Evaluating How Conservation Helps Reduce Soil Erosion

Jenn Hoskins
14th March, 2024

Evaluating How Conservation Helps Reduce Soil Erosion

Image Source: Natural Science News, 2024

Key Findings

  • In Brazil's Minas Gerais, a study found ways to reduce soil erosion using the InVEST software
  • Soil conservation practices could lower soil loss from 2.75 to 2.23 tons per hectare annually
  • Reforestation and preserving water-adjacent forests further decrease soil loss and sediment export
In Brazil's Minas Gerais region, gullies—deep channels carved by running water—are a major concern, leading to significant soil degradation. Understanding and managing these erosion processes are critical for both recovering degraded lands and mitigating further damage. Researchers at the University of São Paulo have taken a closer look at this issue, employing innovative modeling techniques to predict the outcomes of various land management scenarios[1]. Soil loss is not just a local problem but a global environmental challenge. For instance, studies in the Ethiopian highlands have shown alarming rates of soil loss, emphasizing the need for prioritizing conservation efforts in areas most affected[2]. Similarly, the Cerrado biome in Brazil has also experienced increased soil loss due to land use changes, underscoring the importance of sustainable agricultural practices[3]. The new study used the InVEST software, a tool designed to assess ecosystem services and their trade-offs, to model soil loss and sediment dynamics under different land management scenarios. This approach is not unique to Brazil; it has been applied in various regions to evaluate ecosystem services and guide sustainable development[4]. The scenarios modeled by the researchers included the implementation of soil conservation practices, reforestation, and the preservation of ciliary forests—vegetation surrounding water bodies. Currently, the average annual soil loss in the region is estimated at 2.75 tons per hectare. This figure is concerning when compared to the soil loss tolerance levels in Ethiopia, which range between 2-18 tons per hectare per year, with the higher end being a threshold for severe degradation[2]. The study's findings suggest that with the implementation of soil conservation practices, the mean annual soil loss could be reduced to 2.23 tons per hectare. Reforestation of pasture areas could further decrease soil loss to 1.92 tons per hectare, while the preservation of ciliary forests could result in a mean annual soil loss of 2.36 tons per hectare. Moreover, the study highlighted the benefits of these conservation practices beyond just reducing soil loss. Sediment exportation, which can lead to sedimentation in water bodies, was also predicted to decrease under all three scenarios. Sediment retention and deposition, which are critical for maintaining soil quality and landscape stability, were shown to improve, particularly with the preservation of ciliary forests. The implications of these findings are significant. They demonstrate that targeted actions can make a tangible difference in combating soil erosion. This aligns with previous research from China, showing that terracing, a soil conservation practice, can be effective if properly designed and maintained; however, poorly executed terracing can exacerbate erosion[5]. The Brazilian study provides further evidence that strategic land management, including reforestation and preservation of natural vegetation, can be powerful tools in the fight against soil degradation. In conclusion, the study from the University of São Paulo offers valuable insights into the potential for various land management practices to reduce soil loss and improve sediment retention in Brazil's Minas Gerais region. It builds upon and complements previous research, emphasizing the need for a comprehensive approach to land management that considers both the benefits and potential trade-offs of ecosystem services[4]. These findings are crucial for policymakers and land managers aiming to devise effective strategies for soil and water conservation, ensuring the sustainability of agriculture, and the preservation of vital ecosystem services.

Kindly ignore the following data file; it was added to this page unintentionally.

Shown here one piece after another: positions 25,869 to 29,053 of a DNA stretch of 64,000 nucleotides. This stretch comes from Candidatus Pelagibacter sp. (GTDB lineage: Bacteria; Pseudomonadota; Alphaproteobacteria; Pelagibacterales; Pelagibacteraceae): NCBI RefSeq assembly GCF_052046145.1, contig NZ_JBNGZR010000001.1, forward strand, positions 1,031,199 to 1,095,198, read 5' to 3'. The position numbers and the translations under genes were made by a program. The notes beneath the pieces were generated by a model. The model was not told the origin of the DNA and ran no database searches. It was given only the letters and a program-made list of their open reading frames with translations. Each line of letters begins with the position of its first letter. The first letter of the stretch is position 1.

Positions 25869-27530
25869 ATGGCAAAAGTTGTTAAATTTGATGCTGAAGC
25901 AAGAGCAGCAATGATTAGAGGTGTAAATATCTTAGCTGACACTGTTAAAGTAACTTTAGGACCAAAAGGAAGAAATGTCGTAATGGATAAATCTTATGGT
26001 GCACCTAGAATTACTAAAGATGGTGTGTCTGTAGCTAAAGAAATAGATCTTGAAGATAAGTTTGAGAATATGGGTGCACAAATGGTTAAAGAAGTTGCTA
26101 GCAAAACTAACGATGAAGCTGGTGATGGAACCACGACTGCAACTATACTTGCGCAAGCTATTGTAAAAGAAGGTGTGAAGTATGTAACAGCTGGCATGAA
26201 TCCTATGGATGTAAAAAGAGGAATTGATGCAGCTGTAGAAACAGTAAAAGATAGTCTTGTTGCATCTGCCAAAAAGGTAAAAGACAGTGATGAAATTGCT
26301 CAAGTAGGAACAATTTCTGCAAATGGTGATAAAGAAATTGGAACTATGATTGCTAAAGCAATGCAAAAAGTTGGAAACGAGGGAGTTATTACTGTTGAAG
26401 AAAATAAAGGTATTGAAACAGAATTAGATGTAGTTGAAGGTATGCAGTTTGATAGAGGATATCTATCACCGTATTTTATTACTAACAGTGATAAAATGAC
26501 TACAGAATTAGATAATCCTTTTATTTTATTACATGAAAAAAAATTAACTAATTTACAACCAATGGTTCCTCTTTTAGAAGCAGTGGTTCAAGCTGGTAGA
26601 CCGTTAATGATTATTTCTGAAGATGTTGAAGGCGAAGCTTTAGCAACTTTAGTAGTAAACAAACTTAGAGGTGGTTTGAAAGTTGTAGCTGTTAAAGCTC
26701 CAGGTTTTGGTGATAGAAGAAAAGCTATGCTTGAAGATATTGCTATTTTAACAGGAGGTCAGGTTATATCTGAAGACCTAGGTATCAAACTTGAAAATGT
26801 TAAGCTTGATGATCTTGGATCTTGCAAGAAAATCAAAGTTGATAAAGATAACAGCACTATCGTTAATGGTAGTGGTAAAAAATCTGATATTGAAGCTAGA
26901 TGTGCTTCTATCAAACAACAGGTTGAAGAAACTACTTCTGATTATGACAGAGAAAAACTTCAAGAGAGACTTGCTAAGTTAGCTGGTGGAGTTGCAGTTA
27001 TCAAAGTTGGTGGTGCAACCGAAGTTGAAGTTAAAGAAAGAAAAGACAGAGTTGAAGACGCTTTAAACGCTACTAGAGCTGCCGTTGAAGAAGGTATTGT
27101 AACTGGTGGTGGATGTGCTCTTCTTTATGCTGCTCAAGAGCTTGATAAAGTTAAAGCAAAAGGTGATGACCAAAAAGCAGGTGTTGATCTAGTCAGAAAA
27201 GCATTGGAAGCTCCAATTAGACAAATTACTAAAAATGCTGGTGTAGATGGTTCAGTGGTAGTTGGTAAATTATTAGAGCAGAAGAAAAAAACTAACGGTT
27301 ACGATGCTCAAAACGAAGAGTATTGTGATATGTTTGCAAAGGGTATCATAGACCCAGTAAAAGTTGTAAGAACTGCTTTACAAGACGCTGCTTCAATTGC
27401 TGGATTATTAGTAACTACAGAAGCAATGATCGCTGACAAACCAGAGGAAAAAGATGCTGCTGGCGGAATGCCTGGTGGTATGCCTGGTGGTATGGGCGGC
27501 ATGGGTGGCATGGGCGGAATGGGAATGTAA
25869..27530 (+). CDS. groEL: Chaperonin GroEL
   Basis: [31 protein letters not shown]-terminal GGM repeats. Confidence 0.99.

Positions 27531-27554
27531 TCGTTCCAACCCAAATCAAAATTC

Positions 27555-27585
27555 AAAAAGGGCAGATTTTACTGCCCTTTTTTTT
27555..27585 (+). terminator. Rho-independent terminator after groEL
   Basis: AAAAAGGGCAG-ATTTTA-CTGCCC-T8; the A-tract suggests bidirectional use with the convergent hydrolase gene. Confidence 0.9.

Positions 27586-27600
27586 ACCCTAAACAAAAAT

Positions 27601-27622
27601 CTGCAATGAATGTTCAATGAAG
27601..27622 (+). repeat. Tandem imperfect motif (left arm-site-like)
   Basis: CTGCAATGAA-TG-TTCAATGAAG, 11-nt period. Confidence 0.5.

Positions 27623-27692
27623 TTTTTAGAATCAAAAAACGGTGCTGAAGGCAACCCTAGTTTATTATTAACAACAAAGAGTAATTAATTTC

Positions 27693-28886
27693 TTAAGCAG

EnvironmentSustainabilityAgriculture

References

Main Study

1) Assessment of the impact of conservation measures by modeling soil loss in Minas Gerais, Brazil.

Published 12th March, 2024

https://doi.org/10.1007/s10661-024-12509-1


Related Studies

2) Spatiotemporal dynamics of soil loss and sediment export in Upper Bilate River Catchment (UBRC), Central Rift Valley of Ethiopia.

https://doi.org/10.1016/j.heliyon.2022.e11220


3) Assessment of current and future land use/cover changes in soil erosion in the Rio da Prata basin (Brazil).

https://doi.org/10.1016/j.scitotenv.2021.151811


4) Ecosystem service trade-offs and spatial non-stationary responses to influencing factors in the Loess hilly-gully region: Lanzhou City, China.

https://doi.org/10.1016/j.scitotenv.2022.157422


5) May agricultural terraces induce gully erosion? A case study from the Black Soil Region of Northeast China.

https://doi.org/10.1016/j.scitotenv.2020.141715



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